A problem with LEGO trains is that the wheels of the waggons and non-powered axles of the locos do not have ball bearings. This creates a lot of drag on the axles, resulting in slow or stuck trains, especially in curves.
There are two options to overcome this problem:
- Adding more motors, power and/or weight to your locos,
- reducing drag with ball bearings.
Obviously, the second option is far more intelligent.
Our experiments have shown the following results:
- Without ball bearings, original LEGO wheel sets have significantly less drag than third-party wheel sets.
- Ball bearings reduce drag by about 50% compared to original LEGO train wheel sets.
- Ball bearings reduce drag by about 90% compared to third party wheel sets.
- When using ball bearings, the performance different between LEGO train wheel sets and third party train wheel sets is about 30%. That means that using ball bearings reduces the performance difference between original LEGO wheel sets and third-party wheel sets significantly.
- The ability to pass tight curves with low drag is substantially improved by using ball bearings.
The following diagram shows the results of a large series of tests runs with various cars and wheel sets.
The research was done for standard wheel sets only. The experiments were performed with LEGO and Bluebrixx wheelsets.
Practical example given: I needed four motors for my legacy Rheinhold train (modified Bluebrixx BR01 steam loco plus with five modified Bluebrixx waggons, each weighing more than 630g) to be able to move it at all. With ball bearings, the whole train can be operated with a single motor on straight rails, and with only two motors even though tight curves.
Summary: ball bearings bring you to a new level of LEGO train operation.
Before discussing the different ways of integrating ball bearings into your LEGO train wheel sets, here is the list of materials that you need.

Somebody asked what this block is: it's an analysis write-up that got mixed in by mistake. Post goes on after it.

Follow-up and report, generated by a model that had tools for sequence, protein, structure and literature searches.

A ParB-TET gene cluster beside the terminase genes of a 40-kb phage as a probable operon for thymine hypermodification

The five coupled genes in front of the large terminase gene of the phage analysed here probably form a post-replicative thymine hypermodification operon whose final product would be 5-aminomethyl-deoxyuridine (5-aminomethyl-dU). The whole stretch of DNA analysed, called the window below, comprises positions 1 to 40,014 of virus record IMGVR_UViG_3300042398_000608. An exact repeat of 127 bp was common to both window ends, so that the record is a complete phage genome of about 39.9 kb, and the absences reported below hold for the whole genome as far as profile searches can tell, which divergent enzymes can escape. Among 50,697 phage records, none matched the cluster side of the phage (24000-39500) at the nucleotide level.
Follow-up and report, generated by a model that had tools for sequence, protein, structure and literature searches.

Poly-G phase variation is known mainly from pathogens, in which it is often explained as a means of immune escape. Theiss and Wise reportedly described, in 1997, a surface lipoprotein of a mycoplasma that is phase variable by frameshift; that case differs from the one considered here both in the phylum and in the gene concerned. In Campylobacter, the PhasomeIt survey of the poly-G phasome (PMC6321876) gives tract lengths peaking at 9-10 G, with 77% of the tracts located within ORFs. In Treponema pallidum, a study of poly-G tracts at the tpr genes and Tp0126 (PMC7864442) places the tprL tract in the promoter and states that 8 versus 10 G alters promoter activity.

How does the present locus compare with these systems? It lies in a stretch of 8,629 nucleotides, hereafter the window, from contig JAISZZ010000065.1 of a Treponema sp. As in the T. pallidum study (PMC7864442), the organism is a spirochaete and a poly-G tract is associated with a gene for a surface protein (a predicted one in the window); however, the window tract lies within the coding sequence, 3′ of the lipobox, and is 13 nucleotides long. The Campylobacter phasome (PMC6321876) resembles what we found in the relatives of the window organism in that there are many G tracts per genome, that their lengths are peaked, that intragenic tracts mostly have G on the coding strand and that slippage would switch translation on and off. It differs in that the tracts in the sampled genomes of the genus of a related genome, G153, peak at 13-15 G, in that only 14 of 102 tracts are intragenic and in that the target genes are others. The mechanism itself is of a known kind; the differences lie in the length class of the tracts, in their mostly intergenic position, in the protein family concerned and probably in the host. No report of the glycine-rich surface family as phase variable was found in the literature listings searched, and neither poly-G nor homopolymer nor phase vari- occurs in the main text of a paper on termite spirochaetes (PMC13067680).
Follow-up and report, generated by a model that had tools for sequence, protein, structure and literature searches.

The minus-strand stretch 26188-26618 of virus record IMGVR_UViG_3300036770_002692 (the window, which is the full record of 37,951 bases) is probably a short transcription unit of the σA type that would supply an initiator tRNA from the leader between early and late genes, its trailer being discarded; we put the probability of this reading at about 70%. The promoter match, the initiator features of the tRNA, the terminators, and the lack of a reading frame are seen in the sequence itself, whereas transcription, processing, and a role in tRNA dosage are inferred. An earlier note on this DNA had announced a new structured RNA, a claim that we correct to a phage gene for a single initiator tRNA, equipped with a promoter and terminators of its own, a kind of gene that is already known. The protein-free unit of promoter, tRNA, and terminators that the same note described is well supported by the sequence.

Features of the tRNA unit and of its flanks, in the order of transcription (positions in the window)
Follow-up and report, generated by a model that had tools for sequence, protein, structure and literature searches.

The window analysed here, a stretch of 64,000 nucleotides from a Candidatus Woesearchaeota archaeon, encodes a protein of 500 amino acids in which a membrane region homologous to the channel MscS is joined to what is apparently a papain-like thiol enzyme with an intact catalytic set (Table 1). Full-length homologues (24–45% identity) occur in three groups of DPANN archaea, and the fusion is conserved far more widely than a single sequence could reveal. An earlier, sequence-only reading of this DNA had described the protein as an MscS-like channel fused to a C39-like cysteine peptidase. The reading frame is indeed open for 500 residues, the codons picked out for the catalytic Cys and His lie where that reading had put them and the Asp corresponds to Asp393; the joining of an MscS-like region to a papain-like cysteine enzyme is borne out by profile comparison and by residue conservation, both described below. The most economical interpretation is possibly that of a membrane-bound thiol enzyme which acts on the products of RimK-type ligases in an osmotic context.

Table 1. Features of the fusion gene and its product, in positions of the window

The required material for all methods is:
- 2 ball bearings type MR52ZZ per axle,
- 1 axle 40mm x 2mm
Some methods or situations require additional material – see below!
Purchase info: Bill of material.
The LEGO axles have the same dimension, but in practice they are some 1/100 millimeters wider than the axles as recommended on the bill of material page. You need a lot of force to put the ball bearings on the original axles by using a hammer, which may damage the ball bearings. This is the reaon why we recommend to use the alternative axles. The same applies for axles of other vendors like Bluebrixx – it is better to use the alternatives axles as they fit better!
Types of Ball Bearings
1. Standard wheel sets
The standard wheel sets were sold by LEGO until about 2022. These wheel sets have a steel axle. They were replaced by new plastic train wheels in 2022 as can e.g. be found in LEGO set no. 60337.
Third party providers like Bluebrixx are likely going to sell this old but established wheel sets for a longer period in the future.
In the next sections, three different methods of fittings these wheel sets with ball bearings.
Method 1: The grub screw method
In addition to the ball bearings and the axle, you need 2 grub screws M5x10 per axle.
The grub screws must be screwed into the wheel holder that they are exactly 4,5mm lower than the lower part of the wheel holder. You can measure this with a precise slide gauge.